Actually, in 1979, I took an air pollution course at McMaster University, and we discussed greenhouse gases, the hole in the ozone and acid rain. Bill McKibben’s book on global warming, the End of Nature, didn’t come out until 10 years later, but we were still talking about the issues in 1979. The thought was more like, oh, we're going to solve this. The ozone and acid rain were largely addressed with technology. It’s just that over time I realized that the people in charge really weren’t doing anything to solve greenhouse gases or their consequences.
The consequences of oil are something you explore in the book. Consequences of all sorts, not just climate change. There are personal tragedies, such as people dying in oil refinery accidents, and larger community catastrophes, such as the Lac-Mégantic explosion.
Right. And we are all complicit. I was working in an industry supplying the drug, yes, but everyone is addicted to it. Our whole world is designed to use a lot of fossil fuel at the moment.
As you mention, one of the poems is about Lac-Mégantic. Oh my God. It’s extremely sad. People died who did not deserve it. But one of the things I mention in the poem is that the fuel was being shipped into the northeastern United States for people to have gasoline to drive their cars. People died to feed our addiction.
The title of the book is Moving to Climate Change Hours, and there is a poem called Today We Move to Climate Change Hours. What does that phrase mean — climate change hours?
It’s sort of like how people say around Christmas that they are moving to their winter hours or, during the warmer weather, they are on their summer hours. But there’s more of an ongoing-ness with climate change hours. It’s not something that reverts with the seasons, which is part of the theme of the book. There is an ongoing-ness to the change.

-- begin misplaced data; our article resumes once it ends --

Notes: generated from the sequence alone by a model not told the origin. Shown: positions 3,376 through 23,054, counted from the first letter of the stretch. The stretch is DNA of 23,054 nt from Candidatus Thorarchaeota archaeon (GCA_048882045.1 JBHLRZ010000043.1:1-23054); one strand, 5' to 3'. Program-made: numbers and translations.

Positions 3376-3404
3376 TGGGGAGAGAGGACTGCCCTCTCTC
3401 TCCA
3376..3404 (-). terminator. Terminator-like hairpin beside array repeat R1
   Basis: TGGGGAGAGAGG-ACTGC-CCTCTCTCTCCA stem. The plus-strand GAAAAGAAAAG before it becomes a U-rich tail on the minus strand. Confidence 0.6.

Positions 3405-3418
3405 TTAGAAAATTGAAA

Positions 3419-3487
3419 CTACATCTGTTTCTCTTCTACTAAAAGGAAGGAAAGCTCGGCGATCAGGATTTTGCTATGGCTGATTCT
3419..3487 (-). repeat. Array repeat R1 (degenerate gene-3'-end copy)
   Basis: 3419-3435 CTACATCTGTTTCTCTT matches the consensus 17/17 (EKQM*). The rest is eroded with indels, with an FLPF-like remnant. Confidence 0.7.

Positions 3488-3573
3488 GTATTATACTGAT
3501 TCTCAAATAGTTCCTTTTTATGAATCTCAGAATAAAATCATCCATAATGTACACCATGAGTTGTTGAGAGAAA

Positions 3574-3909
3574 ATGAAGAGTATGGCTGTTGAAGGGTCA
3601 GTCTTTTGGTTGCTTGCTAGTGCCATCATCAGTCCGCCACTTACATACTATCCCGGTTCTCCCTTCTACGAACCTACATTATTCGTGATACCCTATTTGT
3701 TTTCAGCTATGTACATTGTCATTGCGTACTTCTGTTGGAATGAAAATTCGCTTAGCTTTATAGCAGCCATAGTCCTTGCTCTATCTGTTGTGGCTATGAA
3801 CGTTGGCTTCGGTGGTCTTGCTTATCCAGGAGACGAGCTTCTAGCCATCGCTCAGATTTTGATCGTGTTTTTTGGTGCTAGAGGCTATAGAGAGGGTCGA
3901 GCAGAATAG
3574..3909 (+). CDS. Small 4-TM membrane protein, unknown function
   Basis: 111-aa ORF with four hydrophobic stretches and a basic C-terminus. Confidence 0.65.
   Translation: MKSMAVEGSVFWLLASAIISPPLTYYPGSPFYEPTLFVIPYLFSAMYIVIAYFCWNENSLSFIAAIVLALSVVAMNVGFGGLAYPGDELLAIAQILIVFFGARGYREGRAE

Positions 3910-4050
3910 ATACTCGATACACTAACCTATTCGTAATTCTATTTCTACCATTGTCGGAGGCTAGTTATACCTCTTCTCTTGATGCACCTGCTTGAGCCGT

The specific poem, Today We Move to Climate Change Hours, is about heading to a cottage, listening to the radio, listening to a news report about the Paris Accord and complaining about political inaction.
But what is the backdrop of the poem? People are driving a car into the mountains. There's a lot of driving in the book. I’m trying to make it clear that our lifestyles are embedded in the issue.
After you left Imperial Oil in 2014, you could have channelled your ideas into lots of different things. You chose to get an MFA and focus on poetry. What does a poem allow you to do that other forms of activism don’t?
The thing with poetry is it’s really trying to work with the unconscious, to evoke feelings and thoughts that we don't actually have language for. I also write opinion pieces where I am presenting facts and arguments and have a clear thesis.
In the past, I’ve had the naive thought that if you can just present people with the facts, their minds will change. It’s not so simple.
Poetry has its own special flavour. It can provide an insight into the world beyond just the self and allow us to see the other, even just for a moment. It makes us think.
Based on your own experiences in oil and gas, and now reflecting on those experiences in your poetry, have you learned anything about what it will take to move us away from fossil fuels?
If we're just counting on the people at the top to make the change, that doesn't seem to be happening. A lot of our leaders just pretend to be doing something. Pretending wastes time.
Maybe we all need little micro-actions to make even small differences somehow. At St. Mary’s, during my MFA, sometimes a group of us would go and read poetry at the refineries. Maybe you would think that’s not going to make a difference, but maybe that might change even one or two people’s minds.
Maybe what you’re saying is that the world would be a better place if everyone spent a little more time nurturing their creativity and less time so obsessed with money.
One hundred per cent. That’s something I’ve very much learned in the arts. It’s brought an invaluable richness to my understanding of the world.